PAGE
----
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The derivatives industry is built on arcane, often impenetrable ideas. Instead of publishing papers full of math, we decided on a no-equations policy. The challenge was to get leading theorists to talk about their ideas in a way that could be understood by any MetroNorth commuter. We also tried hard to relate how theory leads to practice.

"Over the past couple of years, new kinds of predictabilities coming into play. I think that's because there are a lot of unsophisticated investors entering the market, thanks to the raging bull market."
- Andrew Lo, professor of finance at MIT's Sloan School of Management
"The resemblance between the Long-Term Capital Management affair and the 1987 crash was uncanny. In both cases, the potential difficulties for the economy were enormous; and in both cases, the Federal Reserve felt it necessary to call investment bankers or corporations together to save the day."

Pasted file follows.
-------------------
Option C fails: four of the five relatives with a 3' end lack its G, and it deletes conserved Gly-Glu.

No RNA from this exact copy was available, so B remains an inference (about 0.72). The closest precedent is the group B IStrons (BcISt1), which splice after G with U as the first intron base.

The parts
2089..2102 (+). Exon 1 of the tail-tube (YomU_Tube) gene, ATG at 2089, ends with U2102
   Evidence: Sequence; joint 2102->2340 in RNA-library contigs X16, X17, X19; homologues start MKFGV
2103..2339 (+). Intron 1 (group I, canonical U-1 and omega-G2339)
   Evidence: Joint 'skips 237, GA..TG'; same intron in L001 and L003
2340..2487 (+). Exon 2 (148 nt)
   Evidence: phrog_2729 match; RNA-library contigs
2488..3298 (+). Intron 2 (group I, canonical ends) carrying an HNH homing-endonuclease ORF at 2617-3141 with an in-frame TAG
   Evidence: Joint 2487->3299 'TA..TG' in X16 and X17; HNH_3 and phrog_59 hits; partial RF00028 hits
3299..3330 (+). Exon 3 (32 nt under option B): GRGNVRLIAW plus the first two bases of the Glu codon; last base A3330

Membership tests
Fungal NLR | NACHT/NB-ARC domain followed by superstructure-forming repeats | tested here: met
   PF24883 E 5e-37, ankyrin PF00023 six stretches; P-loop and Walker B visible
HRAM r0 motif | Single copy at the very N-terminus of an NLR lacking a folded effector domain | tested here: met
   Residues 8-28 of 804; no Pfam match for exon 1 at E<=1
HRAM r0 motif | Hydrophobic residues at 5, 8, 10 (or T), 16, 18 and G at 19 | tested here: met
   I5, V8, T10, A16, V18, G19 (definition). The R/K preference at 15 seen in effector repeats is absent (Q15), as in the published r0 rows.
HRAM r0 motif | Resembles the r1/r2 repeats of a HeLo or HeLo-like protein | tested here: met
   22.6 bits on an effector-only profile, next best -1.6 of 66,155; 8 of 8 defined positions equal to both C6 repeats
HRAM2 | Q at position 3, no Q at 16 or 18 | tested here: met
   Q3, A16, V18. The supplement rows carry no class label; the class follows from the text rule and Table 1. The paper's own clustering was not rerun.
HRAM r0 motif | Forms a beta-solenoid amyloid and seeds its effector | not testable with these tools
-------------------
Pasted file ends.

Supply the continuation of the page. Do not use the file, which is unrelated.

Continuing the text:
- Mark Rubinstein, professor in the Haas School of Business at the University of California at Berkeley

"You don't want to turn powerful mathematical procedures loose on your best estimates without some control and caution, because you might get some silly answers."
- William Sharpe, professor of finance at Stanford University's Graduate School of Business
"You need to have traders understand and be frequently reminded of the assumptions built into the models. And you need to give them as much insight as possible about where those models break down and about the potential errors associated with the models."
- Eric Reiner, managing director at Warburg Dillon Reed
"There is a view on the part of some folks that the insurance people are unsophisticated. That view is misguided. Insurance is a subtle business. It's possible to write a lot of bad business that seems quite profitable, because the losses come in after you write the business."
- Steve Ross, professor of finance and economics at MIT
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